Solar energy is considered an excellent solution for a sustainable future. But what to do when the available rooftop areas on which panels are installed run out? It’s very simple: Go out on to the street. Or at least that is the solution from the German start-up Solmove GmbH. It is one of five companies worldwide (among which also Dutch Solaroad) that would like to equip existing road networks with solar mats. But the German technology goes one better: Their solar panel version is also aiming for a digital network.
Dipl.-Ing. (FH) Donald Müller-Judex, company founder in a telephone interview with Innovation Origins:
How did you come up with the idea to set up Solmove?
It was more of a stroke of luck: I was actually driving my car through the Allgäu region a few years ago, in 2009 to be precise, in order to locate rooftops for a solar-power system. I passed through small towns and cities, but the search was unsuccessful. For about three days I was on secluded, sunlit municipal roads and traveling through industrial areas, when I wondered for the first time whether it might be possible to use these roads for photovoltaic modules.
I did some research. Did you know, for instance, that in Germany there are about 50 times more road surfaces in residential and commercial areas than there are on highways? (Current figures according to the German Wikipedia site: 231,000 km for supra-regional road networks (including approx. 120,000 km of autobahn) versus 413000 km for municipal roads).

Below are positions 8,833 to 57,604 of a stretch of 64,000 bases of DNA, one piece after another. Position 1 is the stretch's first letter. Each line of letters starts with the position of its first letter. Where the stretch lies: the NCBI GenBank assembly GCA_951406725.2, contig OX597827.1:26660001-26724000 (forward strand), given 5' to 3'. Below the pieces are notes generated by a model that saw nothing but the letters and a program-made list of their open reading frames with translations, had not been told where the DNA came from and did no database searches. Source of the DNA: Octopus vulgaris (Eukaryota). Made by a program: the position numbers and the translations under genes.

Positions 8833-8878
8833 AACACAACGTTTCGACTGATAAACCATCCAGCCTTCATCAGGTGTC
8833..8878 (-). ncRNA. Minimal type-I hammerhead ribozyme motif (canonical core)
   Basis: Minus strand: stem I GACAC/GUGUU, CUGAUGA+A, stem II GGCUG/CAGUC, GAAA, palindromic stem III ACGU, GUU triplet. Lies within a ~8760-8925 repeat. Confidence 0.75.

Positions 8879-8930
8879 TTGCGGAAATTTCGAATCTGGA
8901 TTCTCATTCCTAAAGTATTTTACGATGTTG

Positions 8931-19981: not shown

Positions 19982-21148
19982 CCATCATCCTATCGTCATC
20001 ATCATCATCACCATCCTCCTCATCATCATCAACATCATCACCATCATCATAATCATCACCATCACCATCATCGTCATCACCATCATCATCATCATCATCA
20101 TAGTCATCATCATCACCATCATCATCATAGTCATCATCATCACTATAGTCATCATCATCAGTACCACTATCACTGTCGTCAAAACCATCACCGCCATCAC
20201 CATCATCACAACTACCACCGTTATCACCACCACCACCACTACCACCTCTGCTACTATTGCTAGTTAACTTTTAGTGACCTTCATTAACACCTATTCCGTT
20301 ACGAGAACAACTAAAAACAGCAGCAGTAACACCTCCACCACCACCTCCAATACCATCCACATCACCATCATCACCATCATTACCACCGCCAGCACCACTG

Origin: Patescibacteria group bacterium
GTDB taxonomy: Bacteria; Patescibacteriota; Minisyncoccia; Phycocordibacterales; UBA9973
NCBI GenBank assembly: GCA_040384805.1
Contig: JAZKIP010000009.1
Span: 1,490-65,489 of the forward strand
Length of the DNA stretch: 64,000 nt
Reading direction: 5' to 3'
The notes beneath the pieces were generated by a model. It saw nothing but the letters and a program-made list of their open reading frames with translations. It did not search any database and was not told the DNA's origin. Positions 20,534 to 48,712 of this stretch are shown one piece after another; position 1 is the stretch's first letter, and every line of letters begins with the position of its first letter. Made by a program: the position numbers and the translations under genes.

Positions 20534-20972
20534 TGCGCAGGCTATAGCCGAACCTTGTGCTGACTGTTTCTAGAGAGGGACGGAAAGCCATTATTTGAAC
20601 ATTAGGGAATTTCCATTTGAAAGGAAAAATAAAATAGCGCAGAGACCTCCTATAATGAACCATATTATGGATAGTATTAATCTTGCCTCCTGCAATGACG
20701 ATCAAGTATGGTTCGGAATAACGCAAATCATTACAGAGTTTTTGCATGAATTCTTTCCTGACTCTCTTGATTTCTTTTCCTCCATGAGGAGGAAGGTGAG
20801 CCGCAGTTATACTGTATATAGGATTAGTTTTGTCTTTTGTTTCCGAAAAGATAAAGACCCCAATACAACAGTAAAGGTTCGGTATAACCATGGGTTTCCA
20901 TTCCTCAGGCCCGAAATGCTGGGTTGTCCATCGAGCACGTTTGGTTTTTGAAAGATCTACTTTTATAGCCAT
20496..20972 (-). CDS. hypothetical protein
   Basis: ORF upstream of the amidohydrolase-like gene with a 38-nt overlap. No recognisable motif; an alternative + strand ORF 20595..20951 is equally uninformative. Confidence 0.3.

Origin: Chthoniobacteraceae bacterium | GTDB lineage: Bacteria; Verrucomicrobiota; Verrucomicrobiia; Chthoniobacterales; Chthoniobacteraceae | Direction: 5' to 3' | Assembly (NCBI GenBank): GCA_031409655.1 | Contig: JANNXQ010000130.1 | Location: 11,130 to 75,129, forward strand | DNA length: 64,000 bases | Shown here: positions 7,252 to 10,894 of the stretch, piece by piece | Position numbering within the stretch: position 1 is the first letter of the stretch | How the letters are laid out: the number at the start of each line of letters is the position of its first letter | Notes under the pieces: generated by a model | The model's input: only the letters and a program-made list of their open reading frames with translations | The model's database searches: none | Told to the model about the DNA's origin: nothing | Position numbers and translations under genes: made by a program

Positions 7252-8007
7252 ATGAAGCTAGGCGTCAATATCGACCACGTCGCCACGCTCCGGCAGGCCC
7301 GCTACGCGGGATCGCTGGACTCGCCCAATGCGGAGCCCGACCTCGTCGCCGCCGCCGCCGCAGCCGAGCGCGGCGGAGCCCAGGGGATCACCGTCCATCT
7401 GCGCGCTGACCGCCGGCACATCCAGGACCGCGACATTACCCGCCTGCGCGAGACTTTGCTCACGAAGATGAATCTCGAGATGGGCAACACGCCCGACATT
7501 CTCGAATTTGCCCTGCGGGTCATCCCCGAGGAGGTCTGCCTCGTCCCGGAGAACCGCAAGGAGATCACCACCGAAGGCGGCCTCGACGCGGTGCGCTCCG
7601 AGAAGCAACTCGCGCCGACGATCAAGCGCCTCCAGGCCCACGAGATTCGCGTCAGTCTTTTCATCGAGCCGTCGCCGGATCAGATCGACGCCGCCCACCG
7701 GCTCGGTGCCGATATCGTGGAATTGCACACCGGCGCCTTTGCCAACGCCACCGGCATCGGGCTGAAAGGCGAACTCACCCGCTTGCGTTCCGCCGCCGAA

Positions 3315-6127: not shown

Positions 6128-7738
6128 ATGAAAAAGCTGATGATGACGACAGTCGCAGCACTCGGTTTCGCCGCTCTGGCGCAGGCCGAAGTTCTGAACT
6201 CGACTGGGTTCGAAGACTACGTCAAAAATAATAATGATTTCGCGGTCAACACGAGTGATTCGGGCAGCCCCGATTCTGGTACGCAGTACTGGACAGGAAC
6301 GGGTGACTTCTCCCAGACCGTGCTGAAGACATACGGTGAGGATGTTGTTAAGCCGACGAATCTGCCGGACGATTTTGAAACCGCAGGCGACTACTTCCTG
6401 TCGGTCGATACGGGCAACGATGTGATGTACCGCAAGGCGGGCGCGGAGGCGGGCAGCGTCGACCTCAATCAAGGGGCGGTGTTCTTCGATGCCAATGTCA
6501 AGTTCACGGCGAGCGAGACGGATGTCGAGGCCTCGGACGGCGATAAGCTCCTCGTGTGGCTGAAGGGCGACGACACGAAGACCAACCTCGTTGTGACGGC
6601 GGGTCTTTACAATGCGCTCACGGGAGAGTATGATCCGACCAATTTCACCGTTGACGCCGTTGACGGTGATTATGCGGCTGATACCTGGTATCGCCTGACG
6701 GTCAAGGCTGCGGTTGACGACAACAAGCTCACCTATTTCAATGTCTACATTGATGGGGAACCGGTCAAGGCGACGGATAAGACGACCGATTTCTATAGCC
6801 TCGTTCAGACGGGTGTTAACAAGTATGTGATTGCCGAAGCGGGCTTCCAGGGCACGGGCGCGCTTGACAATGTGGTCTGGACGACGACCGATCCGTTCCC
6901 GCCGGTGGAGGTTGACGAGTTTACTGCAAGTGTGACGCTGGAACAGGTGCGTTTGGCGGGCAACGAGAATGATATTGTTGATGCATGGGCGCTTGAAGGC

What makes the Solmove Module so special compared to other products?
There are currently five solar power street suppliers worldwide. In comparison to our competitors, we have other plans which are in line with the multipurpose nature of our photovoltaic modules (PV). For example, as well as generating electricity and heat, these modules should also be able to transmit data so that they can be used for other applications. We are considering, so to speak, the construction of Smart Surfaces 4.0, which will initially generate data, but process it too. In this way, traffic lights could be operated more efficiently depending on traffic, or pedestrian crossings could be activated as soon as children are on the street, for instance.
An additionl advantage: Our surface is quite flexible. Many glass-glass modules approximately the size of beer tops are connected to each other in a dynamic way. This means that you can adapt them to the current conditions. So the roads won’t require any extra maintenance. They are also able to withstand environmental factors such as frost, dirt and salt. And of course, each module is equipped with a non-slip coating, which is particularly effective in wet conditions. Practically speaking, our solar mats will actually save you a lot of time, money and salt, since the modules are able be warmed up.
What was the biggest obstacle you had to overcome at the start?